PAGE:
In an attempt to computerize their operations, libraries in Nigerian universities are faced with different problems which include inadequate manpower, and lack of spare parts; a development that has limited the operations and activities of these libraries (Ogunshola and Abayode, 2005). These numerous problems are largely due to their overdependence on government funding (Chesenga, 2000). The reduction of government funding should however propel schools and library administrators to embrace Internet-based learning. Accordingly, Internet-based learning is a swift reaction to consumer demand and reduction of funding by the government because the cost of publishing, purchasing, and storing printed materials is exponentially high (Jagboro, 2003).

Covi and Cragin (2004) observed that students and lecturers in tertiary institutions in Nigeria have increasingly demanded and favored access to electronic sources and networked information from their respective libraries. Similarly, a study found that lecturers perceive the Internet to be more useful than university library (Ojedokun and Owolabi, 2003). Oyewusi and Oyeboade (2009) in agreement with the above finding observe that researchers in Nigeria prefer Internet resources to library resources because the former provides up to date information and allows faster retrieval of information from numerous sources. In addition, the Internet can provide information which most libraries cannot provide from their shelves (Adomi, Omodeko and Otolo, 2004).

Agboola (2000) points out that the greatest impetus to library automation in Nigerian university libraries so far has come from the World Bank. However, recent developments show that corporate organizations in Nigeria are becoming increasingly interested in ICT development in Nigerian tertiary institutions. For instance, MTN Nigeria, one of the leading telecommunication companies in Nigeria, has initiated a programme called the MTN Universities Connect, a virtual library project that caters for the virtual needs of the university community. Olatunji (2009) while quoting Ambassador Hamzat Ahmadu, the Chairman of MTN Foundation said that the Universities Connect was fashioned and designed to bridge the digital and knowledge divide by giving students wide access to online and world class research materials. This programme is one of the ways through which MTN Nigeria enriches lives and an evidence of her interest and commitment towards building a conduit that will balance the existing digital and knowledge divide that characterizes the Nigerian tertiary institution environment.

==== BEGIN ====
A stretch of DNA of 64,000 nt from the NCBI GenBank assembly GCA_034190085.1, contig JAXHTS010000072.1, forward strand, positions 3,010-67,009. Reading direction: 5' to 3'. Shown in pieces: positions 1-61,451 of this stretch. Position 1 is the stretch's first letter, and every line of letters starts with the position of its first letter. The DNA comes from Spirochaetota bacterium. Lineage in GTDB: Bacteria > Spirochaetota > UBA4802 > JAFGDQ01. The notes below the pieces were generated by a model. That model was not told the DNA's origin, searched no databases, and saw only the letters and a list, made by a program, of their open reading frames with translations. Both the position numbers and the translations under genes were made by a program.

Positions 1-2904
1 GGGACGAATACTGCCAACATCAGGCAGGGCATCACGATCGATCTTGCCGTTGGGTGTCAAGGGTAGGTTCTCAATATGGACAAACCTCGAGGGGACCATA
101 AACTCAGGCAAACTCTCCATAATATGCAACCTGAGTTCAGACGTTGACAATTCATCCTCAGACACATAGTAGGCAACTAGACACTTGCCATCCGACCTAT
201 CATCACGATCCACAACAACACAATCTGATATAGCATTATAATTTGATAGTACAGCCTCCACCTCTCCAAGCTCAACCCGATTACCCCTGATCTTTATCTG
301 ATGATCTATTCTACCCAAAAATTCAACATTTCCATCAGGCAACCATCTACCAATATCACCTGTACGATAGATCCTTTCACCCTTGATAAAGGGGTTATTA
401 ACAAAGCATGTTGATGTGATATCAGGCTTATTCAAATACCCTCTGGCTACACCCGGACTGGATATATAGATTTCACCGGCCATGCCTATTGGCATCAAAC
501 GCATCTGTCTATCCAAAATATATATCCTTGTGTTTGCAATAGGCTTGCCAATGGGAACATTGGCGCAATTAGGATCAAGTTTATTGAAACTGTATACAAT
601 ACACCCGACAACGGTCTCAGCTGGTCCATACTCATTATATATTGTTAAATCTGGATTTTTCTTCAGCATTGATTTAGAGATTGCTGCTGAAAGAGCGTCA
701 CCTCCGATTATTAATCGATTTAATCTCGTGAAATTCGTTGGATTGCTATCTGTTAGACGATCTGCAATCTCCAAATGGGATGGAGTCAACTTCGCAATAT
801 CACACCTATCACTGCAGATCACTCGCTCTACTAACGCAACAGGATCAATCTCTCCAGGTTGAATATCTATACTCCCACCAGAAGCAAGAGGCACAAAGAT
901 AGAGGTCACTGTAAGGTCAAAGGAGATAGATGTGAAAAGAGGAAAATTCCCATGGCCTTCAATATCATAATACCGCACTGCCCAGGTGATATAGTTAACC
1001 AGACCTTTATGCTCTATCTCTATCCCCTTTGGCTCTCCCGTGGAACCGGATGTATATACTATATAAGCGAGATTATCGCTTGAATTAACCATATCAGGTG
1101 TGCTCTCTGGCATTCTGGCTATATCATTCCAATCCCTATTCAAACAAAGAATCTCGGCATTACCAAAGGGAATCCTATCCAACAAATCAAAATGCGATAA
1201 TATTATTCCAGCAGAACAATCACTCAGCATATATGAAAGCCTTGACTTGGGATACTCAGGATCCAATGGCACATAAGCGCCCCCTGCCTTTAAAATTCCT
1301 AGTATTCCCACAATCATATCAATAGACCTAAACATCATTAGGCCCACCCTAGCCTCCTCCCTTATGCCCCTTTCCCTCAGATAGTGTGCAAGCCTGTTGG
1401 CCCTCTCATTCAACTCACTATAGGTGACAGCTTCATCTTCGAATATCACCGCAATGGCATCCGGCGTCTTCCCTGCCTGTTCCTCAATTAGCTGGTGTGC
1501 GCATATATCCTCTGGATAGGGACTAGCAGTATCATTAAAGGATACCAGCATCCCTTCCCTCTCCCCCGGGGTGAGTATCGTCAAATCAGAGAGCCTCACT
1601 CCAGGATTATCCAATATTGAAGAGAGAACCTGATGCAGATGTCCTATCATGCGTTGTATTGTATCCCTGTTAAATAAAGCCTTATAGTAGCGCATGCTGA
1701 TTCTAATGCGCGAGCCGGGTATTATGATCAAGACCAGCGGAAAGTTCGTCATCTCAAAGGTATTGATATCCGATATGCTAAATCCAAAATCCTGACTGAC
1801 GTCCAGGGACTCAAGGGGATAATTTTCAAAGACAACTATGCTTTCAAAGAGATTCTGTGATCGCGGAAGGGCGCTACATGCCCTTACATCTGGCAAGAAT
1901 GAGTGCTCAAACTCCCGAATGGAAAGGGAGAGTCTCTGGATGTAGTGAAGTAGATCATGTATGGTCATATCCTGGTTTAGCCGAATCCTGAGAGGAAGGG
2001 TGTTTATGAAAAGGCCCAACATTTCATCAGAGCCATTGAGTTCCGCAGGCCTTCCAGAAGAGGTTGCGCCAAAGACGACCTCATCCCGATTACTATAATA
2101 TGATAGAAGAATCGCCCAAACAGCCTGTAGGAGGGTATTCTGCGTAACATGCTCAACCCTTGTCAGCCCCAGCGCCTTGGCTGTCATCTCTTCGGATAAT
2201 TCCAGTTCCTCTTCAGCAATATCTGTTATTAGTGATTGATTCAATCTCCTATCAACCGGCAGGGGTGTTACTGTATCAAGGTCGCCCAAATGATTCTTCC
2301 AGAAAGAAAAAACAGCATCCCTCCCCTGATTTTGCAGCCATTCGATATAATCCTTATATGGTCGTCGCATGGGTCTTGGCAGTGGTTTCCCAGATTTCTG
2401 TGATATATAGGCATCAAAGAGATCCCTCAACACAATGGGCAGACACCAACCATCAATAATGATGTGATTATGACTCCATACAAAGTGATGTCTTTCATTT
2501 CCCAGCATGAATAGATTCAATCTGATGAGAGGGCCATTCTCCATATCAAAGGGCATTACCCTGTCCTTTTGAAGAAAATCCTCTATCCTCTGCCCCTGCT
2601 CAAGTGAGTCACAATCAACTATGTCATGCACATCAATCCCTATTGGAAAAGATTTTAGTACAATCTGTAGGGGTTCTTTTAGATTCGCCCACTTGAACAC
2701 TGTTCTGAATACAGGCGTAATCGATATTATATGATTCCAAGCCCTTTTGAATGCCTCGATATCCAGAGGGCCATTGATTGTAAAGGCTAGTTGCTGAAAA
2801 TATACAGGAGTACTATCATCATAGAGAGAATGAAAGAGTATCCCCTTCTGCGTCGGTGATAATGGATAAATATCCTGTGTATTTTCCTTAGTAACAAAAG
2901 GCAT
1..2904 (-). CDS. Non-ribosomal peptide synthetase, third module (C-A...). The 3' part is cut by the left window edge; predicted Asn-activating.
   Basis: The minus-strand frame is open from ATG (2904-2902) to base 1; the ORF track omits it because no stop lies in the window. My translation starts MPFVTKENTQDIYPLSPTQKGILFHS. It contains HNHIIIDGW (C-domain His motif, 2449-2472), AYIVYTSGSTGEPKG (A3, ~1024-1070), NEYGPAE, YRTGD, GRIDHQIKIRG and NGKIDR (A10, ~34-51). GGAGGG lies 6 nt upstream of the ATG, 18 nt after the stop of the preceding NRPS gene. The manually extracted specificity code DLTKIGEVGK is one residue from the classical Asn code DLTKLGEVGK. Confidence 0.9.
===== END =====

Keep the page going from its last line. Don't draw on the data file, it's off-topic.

MTN Universities Connect Library is one of the Internet access points in four federal universities in Nigeria, including Ahmadu Bello University, Zaria (Kaduna state), University of Lagos (Lagos state), University of Nigeria, Nsukka (Enugu state) and University of Benin (Edo state). Other Internet access points in most universities in Nigeria include University ICT centres, personal computer, wireless, and cybercafe. However, among these various Internet access points, cybercafe is becoming the most preferred because they are open for long hours, reasonably economical, provide technical assistance to users, usually flexible and provide diverse services to customers (Sairosse and Mutula, 2004).

1.2                            Statement of the problem